In 1943 Eduard Beneš, the Czechoslovak president-in-exile, came to Moscow, and Gottwald worked out with him a new compromise political-economic structure for the freed and reunited country after the war. This program was put into effect in April 1945 at Košice in Slovakia, the first Czechoslovak city to be liberated.

On his return home, Gottwald became a vice-premier in the National Front, a provisional government composed of a coalition of parties that administered Czechoslovakia in the immediately postwar period. In the spring of 1946 he was also elected chairman of the Czechoslovak Communist Party (his best friend, Rudolf Slánský, assumed the more workaday executive position of secretary general). In the national elections of June 1946 the Communists—drawing upon enormous popular goodwill for the liberating Soviet Army and much resentment of the perfidious behavior of the Western powers at Munich-received 38 percent of the votes cast, becoming the largest single party in the Czechoslovak parliament.

On July 3, 1946, Gottwald became prime minister, heading a cabinet of Communist and non-Communist representatives. He was viewed at home and abroad as a "moderate" Communist who would respect the established Czechoslovak traditions of democracy and pluralism, and his early actions seemed reassuring. The new constitution guaranteed free elections; a free press; freedom of religion and assembly; the right to work and receive disability compensation, to education, and to recreation; equal rights for women; and an independent judiciary. Financial institutions, mines and other natural resources, and basic industries were to be socialized, but private property and private enterprises of moderate size were protected. There were some worrisome moments, to be sure.

In 1947 Gottwald's government first accepted, then—at Soviet insistence— rejected an invitation to take part in deliberations on the U.S.'s Marshall Plan, asserting that Czechoslovakia's ties were totally and irrevocably with the Soviet Union. At the same time, a "millionaire's tax" on more affluent citizens was levied to help support the peasantry, which had suffered severe crop losses.

Covertly, Gottwald and his party were executing a detailed, progressive plan for a Communist seizure of power, aware that waning popular support for them meant a coming defeat at the polls. This plan was publicly exposed in February 1948 when the non-Communist ministers of the government charged the Communists with planning assassinations, dismissing non-Communist police chiefs, and other illegal actions. A majority of the cabinet resigned in an effort to topple Gottwald's government. In response, Gottwald mobilized his party and its followers in a show of force. "Action Committees" seized control of local governmental bodies, factories, schools, and large popular organizations. The army and police arrested alleged "conspirators." Factory workers paraded with arms through the streets and threatened a general strike.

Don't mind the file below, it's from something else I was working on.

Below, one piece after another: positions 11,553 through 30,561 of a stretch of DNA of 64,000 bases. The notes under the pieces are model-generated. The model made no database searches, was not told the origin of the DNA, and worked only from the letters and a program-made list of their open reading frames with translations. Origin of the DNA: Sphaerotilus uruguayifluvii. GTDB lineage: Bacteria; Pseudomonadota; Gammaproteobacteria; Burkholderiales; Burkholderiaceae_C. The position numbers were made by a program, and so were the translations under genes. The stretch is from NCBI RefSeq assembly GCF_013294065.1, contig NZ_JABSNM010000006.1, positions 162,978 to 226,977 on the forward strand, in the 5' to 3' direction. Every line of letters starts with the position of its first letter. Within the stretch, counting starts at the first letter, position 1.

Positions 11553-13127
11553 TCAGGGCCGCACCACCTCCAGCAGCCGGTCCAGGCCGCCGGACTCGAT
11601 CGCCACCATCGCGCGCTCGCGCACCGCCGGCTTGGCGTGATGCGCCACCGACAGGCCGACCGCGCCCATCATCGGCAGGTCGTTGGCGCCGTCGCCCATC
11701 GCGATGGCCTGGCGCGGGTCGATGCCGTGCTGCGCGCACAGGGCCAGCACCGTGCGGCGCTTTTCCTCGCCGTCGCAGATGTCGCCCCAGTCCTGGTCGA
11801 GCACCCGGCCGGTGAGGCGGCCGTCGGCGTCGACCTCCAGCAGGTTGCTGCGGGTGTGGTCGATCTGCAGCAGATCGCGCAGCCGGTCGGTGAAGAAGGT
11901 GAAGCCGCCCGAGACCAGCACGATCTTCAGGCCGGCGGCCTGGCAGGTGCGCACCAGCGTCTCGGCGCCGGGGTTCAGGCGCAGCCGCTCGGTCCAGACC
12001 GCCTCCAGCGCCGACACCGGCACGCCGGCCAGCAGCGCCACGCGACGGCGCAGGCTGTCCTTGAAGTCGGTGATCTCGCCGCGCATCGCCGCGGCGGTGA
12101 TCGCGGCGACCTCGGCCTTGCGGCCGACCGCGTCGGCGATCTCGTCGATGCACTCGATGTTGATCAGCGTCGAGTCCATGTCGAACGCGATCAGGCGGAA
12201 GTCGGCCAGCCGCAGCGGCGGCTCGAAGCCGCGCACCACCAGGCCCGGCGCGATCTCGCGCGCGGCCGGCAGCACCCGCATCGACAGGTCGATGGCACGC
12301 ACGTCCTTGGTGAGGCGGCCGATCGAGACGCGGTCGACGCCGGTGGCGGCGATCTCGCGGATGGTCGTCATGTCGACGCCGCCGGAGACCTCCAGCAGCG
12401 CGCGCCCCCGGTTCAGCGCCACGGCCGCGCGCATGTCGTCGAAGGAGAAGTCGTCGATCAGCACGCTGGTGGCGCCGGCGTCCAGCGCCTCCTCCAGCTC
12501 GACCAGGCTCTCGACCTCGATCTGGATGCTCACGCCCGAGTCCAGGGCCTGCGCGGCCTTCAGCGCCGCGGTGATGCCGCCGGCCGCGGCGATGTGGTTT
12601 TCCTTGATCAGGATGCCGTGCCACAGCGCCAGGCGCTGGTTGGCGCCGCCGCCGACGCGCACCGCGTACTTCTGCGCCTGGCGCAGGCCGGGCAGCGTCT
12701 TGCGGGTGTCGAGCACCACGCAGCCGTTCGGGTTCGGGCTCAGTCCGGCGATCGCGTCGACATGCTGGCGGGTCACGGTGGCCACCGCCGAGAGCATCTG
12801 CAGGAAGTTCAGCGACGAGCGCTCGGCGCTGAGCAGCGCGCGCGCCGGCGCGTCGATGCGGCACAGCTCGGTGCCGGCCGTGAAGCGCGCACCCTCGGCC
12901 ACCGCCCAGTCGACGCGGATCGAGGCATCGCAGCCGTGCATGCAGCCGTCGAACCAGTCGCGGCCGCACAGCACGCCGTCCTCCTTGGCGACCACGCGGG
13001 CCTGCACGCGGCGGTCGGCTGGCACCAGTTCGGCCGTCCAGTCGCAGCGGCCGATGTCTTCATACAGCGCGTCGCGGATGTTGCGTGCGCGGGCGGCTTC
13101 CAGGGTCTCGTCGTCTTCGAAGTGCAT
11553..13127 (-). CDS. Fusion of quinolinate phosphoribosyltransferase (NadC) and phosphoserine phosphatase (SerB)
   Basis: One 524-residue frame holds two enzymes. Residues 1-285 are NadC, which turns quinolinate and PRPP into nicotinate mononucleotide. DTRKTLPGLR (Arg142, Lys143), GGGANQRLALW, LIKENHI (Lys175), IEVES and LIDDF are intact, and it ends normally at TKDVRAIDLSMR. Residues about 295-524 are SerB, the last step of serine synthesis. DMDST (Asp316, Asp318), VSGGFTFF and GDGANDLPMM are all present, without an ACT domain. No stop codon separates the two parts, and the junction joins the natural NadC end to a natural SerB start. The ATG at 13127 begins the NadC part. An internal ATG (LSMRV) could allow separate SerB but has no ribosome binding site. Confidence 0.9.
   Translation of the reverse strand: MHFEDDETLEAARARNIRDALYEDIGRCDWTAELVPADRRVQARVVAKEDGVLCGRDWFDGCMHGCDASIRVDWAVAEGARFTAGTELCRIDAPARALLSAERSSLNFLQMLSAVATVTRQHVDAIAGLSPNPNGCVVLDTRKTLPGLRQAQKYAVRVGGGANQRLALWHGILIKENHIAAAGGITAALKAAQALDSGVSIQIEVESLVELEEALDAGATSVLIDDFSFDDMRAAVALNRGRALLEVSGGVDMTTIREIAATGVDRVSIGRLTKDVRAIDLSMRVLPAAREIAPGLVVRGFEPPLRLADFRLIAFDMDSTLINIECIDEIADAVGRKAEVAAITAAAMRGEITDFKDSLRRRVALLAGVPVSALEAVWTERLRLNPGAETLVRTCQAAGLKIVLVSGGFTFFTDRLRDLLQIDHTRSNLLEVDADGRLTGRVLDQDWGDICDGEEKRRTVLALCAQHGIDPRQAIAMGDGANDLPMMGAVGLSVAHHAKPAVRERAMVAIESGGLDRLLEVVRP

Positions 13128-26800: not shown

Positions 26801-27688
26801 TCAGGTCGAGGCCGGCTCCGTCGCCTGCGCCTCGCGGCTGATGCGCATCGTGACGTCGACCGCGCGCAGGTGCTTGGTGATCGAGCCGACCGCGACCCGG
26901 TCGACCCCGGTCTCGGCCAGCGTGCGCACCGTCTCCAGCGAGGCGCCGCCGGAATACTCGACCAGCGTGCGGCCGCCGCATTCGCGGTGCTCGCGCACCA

On February 25 President Beneš yielded to Gottwald's demand that he be permitted to form a new government of Communists and sympathizers. Three months later, in May, Beneš resigned, and Gottwald replaced him as president a few days later, in June. A new constitution of April 1948 sanctioned a one-party (Communist) dictatorship and completed the nationalization and collectivization process.

Gottwald was still seen by many as a leader who would avoid the excesses of other new Communist regimes. However, the "Soviet viceroy" promptly set about in dogmatic Marxist fashion to reshape the Czechoslovak "people's democracy" into a one-party workers' state, totally reoriented toward the Soviet Union (following the slogan "With the Soviet Union Forever"), Sovietized in its institutions, and heavily Russianized in its culture.

When the Soviet dictator Stalin ordered all of the new "satellites" to purge themselves of "national Communists" and "potential Titoists," Gottwald dutifully sent more than a dozen of his oldest Czech and Slovak Communist comrades (including Slánský) to death or life imprisonment. Although himself unwell, Gottwald attended Stalin's funeral in Moscow on March 9, 1953, occupying the most prominent place of all the satellite leaders on the tribune. While there he contracted pneumonia. On March 14, 1953, nine days after the death of Stalin, Gottwald himself was dead in Prague.